Tag: The Artist Speaks

States of Grace: From Doctor to Patient and Back Again

Katie Grogan, DMH, MA and Tamara Prevatt, MA, Master Scholars Program in Humanistic Medicine, NYU School of Medicine   Before the accident, Dr. Grace Dammann was a caregiver through and through, in every aspect of her life. A pioneering AIDS specialist, she co-founded one of the first HIV/AIDS clinics for socioeconomically disadvantaged patients in San Francisco at Laguna Honda Hospital. She was honored by the Dalai Lama with an Unsung Heroes of Compassion Award for her service and devotion to [read more]

NYU Center for Humanities Event Imagining Illness: Pulitzer Prize Winners on Truth and Fact in Narrative David Oshinsky and Paul Harding

By J. Russell Teagarden On a recent winter’s evening, Pulitzer Prize winners David Oshinsky and Paul Harding appeared together at the NYU Center for Humanities in an event cosponsored by the NYU Division of Medical Humanities and the Bellevue Literary Press. Erika Goldman, the publisher and editorial director of the Bellevue Literary Press, moderated the session. Jane Tylus, faculty director of the NYU Center for Humanities, provided opening and closing remarks. The evening also had support from the Pulitzer Prize [read more]

The Vaccine Project

An interview with Philip Cawkwell, MS4, NYU School of Medicine, Rudin Fellow 2014-15 By: Katie Grogan, DMH, Associate Director, Master Scholars Program in Humanistic Medicine Assistance from Tamara Prevatt, Intern, Master Scholars Program in Humanistic Medicine The Rudin Fellowship in Medical Ethics and Humanities supports medical trainees at NYU School of Medicine – including medical students, residents, and clinical fellows – pursuing year-long research projects in medical humanities and medical ethics under the mentorship of senior faculty. It was established [read more]

Cortney Davis - When the Nurse Becomes a Patient: A Story in Words and Images (Part II)

(Kent State University Press, 2015) [Editor’s Note: This is Part II of a dialogue between author and painter Cortney Davis and our Art Editor Laura Ferguson. Part I can be read here.] Laura: I’d love to know more about your studio process. I see that some of the pieces are acrylic, some oil, and some include collage. Are they as unselfconscious as they seem? Did they come into being easily and quickly, without a lot of working over – or [read more]

Cortney Davis - When the Nurse Becomes a Patient: A Story in Words and Images

(Kent State University Press, 2015) A dialogue with Art Editor Laura Ferguson (Part I) Carol Donley, in her annotation of Cortney’s book in the LitMed Database, writes that “the vivid paintings speak for themselves, and they add a different way of knowing not available through words.” As an artist whose work explores the experiences of her own body, I believe strongly in the power of art to express things that can’t be as easily communicated in other ways, especially about [read more]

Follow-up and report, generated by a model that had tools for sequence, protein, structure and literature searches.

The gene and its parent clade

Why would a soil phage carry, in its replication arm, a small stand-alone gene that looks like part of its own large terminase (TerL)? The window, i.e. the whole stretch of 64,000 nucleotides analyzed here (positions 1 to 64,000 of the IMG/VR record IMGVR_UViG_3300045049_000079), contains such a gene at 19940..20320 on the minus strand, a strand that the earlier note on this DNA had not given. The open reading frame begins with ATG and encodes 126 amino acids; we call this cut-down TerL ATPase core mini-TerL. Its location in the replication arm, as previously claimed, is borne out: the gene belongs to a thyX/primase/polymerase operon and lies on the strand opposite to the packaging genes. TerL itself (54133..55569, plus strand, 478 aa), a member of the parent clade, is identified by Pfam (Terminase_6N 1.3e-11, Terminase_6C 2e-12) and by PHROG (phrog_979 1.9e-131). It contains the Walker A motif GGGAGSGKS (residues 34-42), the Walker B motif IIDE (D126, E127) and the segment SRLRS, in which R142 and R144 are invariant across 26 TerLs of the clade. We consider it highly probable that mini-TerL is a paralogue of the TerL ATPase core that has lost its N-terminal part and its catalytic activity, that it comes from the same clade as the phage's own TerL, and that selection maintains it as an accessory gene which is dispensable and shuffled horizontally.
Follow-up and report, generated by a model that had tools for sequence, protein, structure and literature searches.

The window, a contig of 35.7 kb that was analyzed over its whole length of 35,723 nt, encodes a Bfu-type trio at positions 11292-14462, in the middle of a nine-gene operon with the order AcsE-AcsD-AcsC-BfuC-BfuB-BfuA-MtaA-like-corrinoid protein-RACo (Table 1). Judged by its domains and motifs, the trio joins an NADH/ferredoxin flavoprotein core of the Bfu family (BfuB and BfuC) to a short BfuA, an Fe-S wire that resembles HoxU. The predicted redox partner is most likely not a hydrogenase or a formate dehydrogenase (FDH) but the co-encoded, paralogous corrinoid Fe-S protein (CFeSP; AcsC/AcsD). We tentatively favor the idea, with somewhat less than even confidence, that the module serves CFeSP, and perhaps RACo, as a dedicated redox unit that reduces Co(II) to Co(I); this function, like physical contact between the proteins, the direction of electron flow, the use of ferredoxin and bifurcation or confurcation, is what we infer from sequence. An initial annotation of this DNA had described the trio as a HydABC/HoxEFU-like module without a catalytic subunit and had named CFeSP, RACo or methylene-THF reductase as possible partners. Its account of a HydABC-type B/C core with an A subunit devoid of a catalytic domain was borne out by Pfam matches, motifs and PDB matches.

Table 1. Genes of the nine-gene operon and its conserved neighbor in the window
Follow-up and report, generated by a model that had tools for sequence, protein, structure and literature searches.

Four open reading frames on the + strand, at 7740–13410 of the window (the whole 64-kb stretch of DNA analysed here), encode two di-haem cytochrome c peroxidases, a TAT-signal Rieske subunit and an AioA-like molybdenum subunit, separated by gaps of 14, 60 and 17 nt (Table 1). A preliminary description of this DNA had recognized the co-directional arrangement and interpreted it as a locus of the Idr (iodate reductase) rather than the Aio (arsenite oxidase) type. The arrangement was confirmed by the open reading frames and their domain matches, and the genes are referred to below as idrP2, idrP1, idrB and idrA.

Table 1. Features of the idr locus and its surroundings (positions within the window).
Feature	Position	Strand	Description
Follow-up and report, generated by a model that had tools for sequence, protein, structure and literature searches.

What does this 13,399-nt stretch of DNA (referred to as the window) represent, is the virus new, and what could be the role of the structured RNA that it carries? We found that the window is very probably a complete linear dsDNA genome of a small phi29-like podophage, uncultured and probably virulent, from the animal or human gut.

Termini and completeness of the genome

Thinking About the Body Through Visual Art

Readers of the Literature, Art & Medicine Blog may remember me as the first Artist in Residence at NYUSOM, or as the creator and teacher of Art & Anatomy in the Master Scholars Program in Humanistic Medicine [previously] [interview]. You may have seen my own or my students’ work on exhibit in the MSB (Medical Science Building) Gallery at NYU Langone Medical Center, or read Founding Editor Felice Aull’s insightful annotation of my work in the Database. Coming to the [read more]

Visualizing Empathy: An interview with Laura Ferguson

Artist Laura Ferguson developed a lifelong passion for drawing the body, both inside and out, as a child when she was bedridden with scoliosis. Five years ago she created an Art and Anatomy seminar in the Masters Scholars program, as part of an artist residency at NYU SOM. The class, which includes medical students, faculty and staff, meets in the cadaver lab where gross anatomy is taught. Once transposed into an art studio, the setting provides students with a chance [read more]

Writing And Medicine: Making It Up As You Go Along

Commentary by Perri Klass, M.D., Professor of Pediatrics and Professor of Journalism at New York University, and Medical Director of the national literacy program, Reach Out and Read Many many years ago, I think back when I was doing my residency, someone asked me to talk about the connectionsaor the differencesaor maybe the balance between writing and medicine. I was neckdeep in medicine, of course (or maybe it would be a truer metaphor to say that I was often out [read more]

A Psychiatrist and a Poet

Commentary by Ron Charach, M.D., Toronto psychiatrist, poet, and essayist. To be both a psychiatrist and a poet is either a dual calling or a double whammy, depending on what you choose to emphasize. Such a medical/literary hybrid has surely won the sweepstakes in the personal sensitivity department. I am often asked whether being a psychiatrist helps me to be a better poet, though the reverse question is asked less frequently, especially since I don’t do ‘poetry therapy’ in my [read more]

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